The Origin of [O II] Emission in Recently Quenched Active Galaxy Nucleus Hosts
We have employed emission-line diagnostics derived from DEIMOS and NIRSPEC spectroscopy to determine the origin of the [O II] emission line observed in six active galactic nucleus (AGN) hosts at z ~ 0.9. These galaxies are a subsample of AGN hosts detected in the Cl1604 supercluster that exhibit strong Balmer absorption lines in their spectra and appear to be in a post-starburst or post-quenched phase, if not for their [O II] emission. Examining the flux ratio of the [N II] to Hα lines, we find that in five of the six hosts the dominant source of ionizing flux is AGN continuum emission. Furthermore, we find that four of the six galaxies have over twice the [O II] line luminosity that could be generated by star formation alone given their Hα line luminosities. This strongly suggests that AGN-excited narrow-line emission is contaminating the [O II] line flux. A comparison of star formation rates calculated from extinction-corrected [O II] and Hα line luminosities indicates that the former yields a five-fold overestimate of the current activity in these galaxies. Our findings reveal the [O II] line to be a poor indicator of star formation activity in a majority of these moderate-luminosity Seyferts. This result bolsters our previous findings that an increased fraction of AGN at high redshifts is hosted by galaxies in a post-starburst phase. The relatively high fraction of AGN hosts in the Cl1604 supercluster that show signs of recently truncated star formation activity may suggest that AGN feedback plays an increasingly important role in suppressing ongoing activity in large-scale structures at high redshift.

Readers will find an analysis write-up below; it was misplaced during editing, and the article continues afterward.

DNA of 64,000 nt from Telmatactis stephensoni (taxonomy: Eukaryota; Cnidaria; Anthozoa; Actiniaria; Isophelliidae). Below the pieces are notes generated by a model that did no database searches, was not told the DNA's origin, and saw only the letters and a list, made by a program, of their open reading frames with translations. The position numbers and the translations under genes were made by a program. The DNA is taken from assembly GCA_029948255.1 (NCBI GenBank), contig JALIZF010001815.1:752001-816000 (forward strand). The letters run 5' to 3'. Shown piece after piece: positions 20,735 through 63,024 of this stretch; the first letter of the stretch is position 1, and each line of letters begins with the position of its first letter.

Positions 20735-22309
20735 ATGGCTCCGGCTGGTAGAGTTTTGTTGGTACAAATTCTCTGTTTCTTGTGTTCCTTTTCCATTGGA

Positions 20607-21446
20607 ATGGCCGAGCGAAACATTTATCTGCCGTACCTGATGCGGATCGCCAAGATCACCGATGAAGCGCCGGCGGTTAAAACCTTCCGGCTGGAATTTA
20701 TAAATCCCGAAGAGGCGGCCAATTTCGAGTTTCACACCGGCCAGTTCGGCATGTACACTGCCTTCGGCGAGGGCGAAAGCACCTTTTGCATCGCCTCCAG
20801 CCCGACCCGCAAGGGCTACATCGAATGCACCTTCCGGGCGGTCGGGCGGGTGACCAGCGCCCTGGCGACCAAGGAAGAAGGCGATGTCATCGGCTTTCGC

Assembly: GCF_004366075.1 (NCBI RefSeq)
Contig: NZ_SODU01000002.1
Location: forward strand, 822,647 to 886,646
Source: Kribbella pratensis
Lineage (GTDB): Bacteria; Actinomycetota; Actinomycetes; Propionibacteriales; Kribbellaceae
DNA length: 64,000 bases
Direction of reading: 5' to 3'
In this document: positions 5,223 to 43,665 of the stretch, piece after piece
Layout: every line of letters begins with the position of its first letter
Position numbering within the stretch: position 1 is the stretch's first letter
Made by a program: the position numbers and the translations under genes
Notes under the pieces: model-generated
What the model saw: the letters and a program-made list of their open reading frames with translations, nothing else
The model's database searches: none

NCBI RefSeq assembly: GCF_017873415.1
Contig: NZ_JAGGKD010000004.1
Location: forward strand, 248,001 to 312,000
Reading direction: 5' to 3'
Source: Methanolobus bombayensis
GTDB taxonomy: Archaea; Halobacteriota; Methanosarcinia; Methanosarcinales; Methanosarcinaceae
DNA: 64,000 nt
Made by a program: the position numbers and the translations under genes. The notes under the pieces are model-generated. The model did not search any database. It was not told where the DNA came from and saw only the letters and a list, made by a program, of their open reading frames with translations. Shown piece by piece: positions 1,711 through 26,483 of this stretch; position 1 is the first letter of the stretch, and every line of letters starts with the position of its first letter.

Additional Information© 2011 The American Astronomical Society. Received 2010 December 26; accepted 2011 June 13; published 2011 August 4.
Published - Kocevski2011p15961Astrophys_J_Lett.pdf